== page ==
Virtual private favoured over frame relay

Corporate purchases of IP virtual private network services continue to surge forward, a trend that analysts say is being accompanied by a shift away from the use of frame relay technology to carry network traffic.

IT executives who are rolling out IP VPN connections said last month that the networks provide better security than dial-up systems and many other current approaches. They added that VPNs also can help keep networking costs in check, allowing them to vastly increase bandwidth to handle new applications.

For example, The Stride Rite Corp., a footwear retailer in Lexington, Mass., recently announced plans to deploy an IP VPN connecting 264 stores in the U.S. The new network will replace dial-up services with a constant VPN connection at each store and upgrade available bandwidth from 56Kbps to 384Kbps or more, said Stride Rite CIO Yusef Akyuz.

That will help the retailer accommodate a new point-of-sale system and added applications, Akyuz added.

In another new deal, MCI Inc. announced a contract with AMF Bowling Worldwide Inc. in Richmond, Va., to connect 350 bowling alleys via MCI’s IP VPN Broadband Service. The VPN setup will replace a satellite communications system that sometimes suffers from slow performance, said Rohana Meade, vice-president of IT at AMF.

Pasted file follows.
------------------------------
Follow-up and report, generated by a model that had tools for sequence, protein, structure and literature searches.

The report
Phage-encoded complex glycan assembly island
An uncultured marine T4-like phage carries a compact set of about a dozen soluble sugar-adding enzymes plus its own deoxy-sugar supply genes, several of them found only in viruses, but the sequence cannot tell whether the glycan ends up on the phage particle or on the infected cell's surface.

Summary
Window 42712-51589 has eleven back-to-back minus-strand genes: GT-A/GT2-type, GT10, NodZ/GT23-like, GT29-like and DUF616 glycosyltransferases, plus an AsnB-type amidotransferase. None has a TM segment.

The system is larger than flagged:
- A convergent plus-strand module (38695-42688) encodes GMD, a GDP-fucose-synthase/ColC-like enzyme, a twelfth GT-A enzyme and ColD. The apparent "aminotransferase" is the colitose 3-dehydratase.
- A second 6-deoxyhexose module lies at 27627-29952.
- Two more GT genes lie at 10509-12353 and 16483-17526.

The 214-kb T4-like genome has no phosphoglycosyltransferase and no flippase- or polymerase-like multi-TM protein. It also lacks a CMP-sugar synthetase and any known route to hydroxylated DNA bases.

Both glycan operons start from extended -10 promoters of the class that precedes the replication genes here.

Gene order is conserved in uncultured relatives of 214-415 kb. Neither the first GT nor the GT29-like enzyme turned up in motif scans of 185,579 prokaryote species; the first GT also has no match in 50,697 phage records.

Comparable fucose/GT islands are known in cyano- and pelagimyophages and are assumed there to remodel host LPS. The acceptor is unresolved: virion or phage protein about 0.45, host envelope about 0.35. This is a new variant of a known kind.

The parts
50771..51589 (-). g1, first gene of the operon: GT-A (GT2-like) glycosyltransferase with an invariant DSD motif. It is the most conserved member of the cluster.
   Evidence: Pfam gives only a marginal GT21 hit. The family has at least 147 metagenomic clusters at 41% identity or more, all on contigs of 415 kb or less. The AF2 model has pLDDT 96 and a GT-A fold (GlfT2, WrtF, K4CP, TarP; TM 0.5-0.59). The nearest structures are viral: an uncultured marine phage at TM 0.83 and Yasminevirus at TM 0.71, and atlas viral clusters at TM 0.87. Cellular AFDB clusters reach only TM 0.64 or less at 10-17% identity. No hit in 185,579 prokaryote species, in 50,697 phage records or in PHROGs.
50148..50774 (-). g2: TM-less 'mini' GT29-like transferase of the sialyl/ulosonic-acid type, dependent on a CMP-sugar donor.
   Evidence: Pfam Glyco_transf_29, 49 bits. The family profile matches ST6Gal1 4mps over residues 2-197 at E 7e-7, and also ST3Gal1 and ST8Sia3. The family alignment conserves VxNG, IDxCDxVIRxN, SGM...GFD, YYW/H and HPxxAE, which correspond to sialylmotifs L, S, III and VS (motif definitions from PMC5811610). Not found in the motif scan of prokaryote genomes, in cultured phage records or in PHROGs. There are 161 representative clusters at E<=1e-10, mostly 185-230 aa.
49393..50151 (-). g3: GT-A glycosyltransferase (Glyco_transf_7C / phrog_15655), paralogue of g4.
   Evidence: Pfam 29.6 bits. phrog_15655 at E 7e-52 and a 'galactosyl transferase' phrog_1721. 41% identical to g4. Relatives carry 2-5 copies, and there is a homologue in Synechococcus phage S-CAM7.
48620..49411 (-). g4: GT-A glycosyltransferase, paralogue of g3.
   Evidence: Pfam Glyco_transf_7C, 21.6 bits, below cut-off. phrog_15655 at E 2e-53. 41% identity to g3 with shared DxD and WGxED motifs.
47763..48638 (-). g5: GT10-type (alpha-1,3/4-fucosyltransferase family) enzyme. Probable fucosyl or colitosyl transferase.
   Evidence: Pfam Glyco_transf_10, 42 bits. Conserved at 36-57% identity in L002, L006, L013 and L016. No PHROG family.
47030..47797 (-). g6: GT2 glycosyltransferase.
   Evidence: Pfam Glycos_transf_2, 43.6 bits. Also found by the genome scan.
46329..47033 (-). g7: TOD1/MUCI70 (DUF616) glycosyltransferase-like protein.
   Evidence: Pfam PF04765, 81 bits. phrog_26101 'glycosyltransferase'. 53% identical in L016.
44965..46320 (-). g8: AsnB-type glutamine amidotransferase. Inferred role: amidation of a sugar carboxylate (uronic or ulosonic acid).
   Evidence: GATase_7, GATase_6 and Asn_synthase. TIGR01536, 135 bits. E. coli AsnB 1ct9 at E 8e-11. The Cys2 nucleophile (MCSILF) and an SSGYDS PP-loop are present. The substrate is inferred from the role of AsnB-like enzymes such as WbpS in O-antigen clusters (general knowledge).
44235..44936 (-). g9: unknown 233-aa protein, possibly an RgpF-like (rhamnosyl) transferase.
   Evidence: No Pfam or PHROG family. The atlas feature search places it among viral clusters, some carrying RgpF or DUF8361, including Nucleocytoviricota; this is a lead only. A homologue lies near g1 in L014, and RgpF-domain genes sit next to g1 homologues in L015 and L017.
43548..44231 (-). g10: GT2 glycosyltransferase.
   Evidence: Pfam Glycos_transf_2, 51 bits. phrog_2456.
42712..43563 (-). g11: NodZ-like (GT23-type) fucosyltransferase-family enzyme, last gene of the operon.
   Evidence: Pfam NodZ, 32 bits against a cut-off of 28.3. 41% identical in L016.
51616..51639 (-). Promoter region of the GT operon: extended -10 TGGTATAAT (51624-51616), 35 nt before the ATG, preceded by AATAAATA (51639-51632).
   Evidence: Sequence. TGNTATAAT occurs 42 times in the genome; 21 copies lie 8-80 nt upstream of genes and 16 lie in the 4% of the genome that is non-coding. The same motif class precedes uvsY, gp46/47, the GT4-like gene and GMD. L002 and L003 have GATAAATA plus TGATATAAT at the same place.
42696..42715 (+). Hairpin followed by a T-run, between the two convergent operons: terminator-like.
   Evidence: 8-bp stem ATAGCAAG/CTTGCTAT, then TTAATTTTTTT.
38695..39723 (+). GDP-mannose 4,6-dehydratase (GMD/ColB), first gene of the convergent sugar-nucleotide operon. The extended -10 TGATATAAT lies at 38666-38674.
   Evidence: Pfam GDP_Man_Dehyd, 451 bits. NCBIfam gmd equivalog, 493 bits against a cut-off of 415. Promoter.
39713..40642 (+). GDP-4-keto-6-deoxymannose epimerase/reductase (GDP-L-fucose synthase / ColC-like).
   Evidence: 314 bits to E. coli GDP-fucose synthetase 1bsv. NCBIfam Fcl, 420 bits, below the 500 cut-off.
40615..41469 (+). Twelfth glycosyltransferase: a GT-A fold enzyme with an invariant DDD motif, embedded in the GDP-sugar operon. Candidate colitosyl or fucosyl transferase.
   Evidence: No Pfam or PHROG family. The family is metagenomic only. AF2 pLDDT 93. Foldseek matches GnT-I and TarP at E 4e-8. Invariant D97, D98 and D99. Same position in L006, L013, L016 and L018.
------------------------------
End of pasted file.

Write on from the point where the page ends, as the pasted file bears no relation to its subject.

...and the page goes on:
According to both Akyuz and Meade, cost was a major factor in choosing VPN services.

Nearly all the major network service providers are marketing IP VPN offerings as a replacement for frame relay, said Ron Kaplan, an analyst at IDC in Framingham, Mass. Kaplan said VPNs are usually less expensive than frame relay networks, although the cost differences have narrowed as carriers have lowered the price of frame relay to keep it competitive.

Sales of IP VPN services in the U.S. last year amounted to US$640 million, according to IDC, which forecasts that sales will grow to US$3.3 billion in 2009 — an annual growth rate of nearly 40 per cent. This year, sales are expected to total just over US$1 billion, Kaplan said.

Meanwhile, the number of frame relay ports is declining.

IDC counted 1.3 million ports in the U.S. last year, a number that is expected to drop to 1.2 million this year and fall to 751,000 in 2008, said analyst Steven Harris. “Frame (relay) is definitely decreasing, and more and more carriers are eliminating it completely,” he said.

In Canada, Bell Canada is no longer offering new frame relay contracts and is gradually migrating customers to IP.

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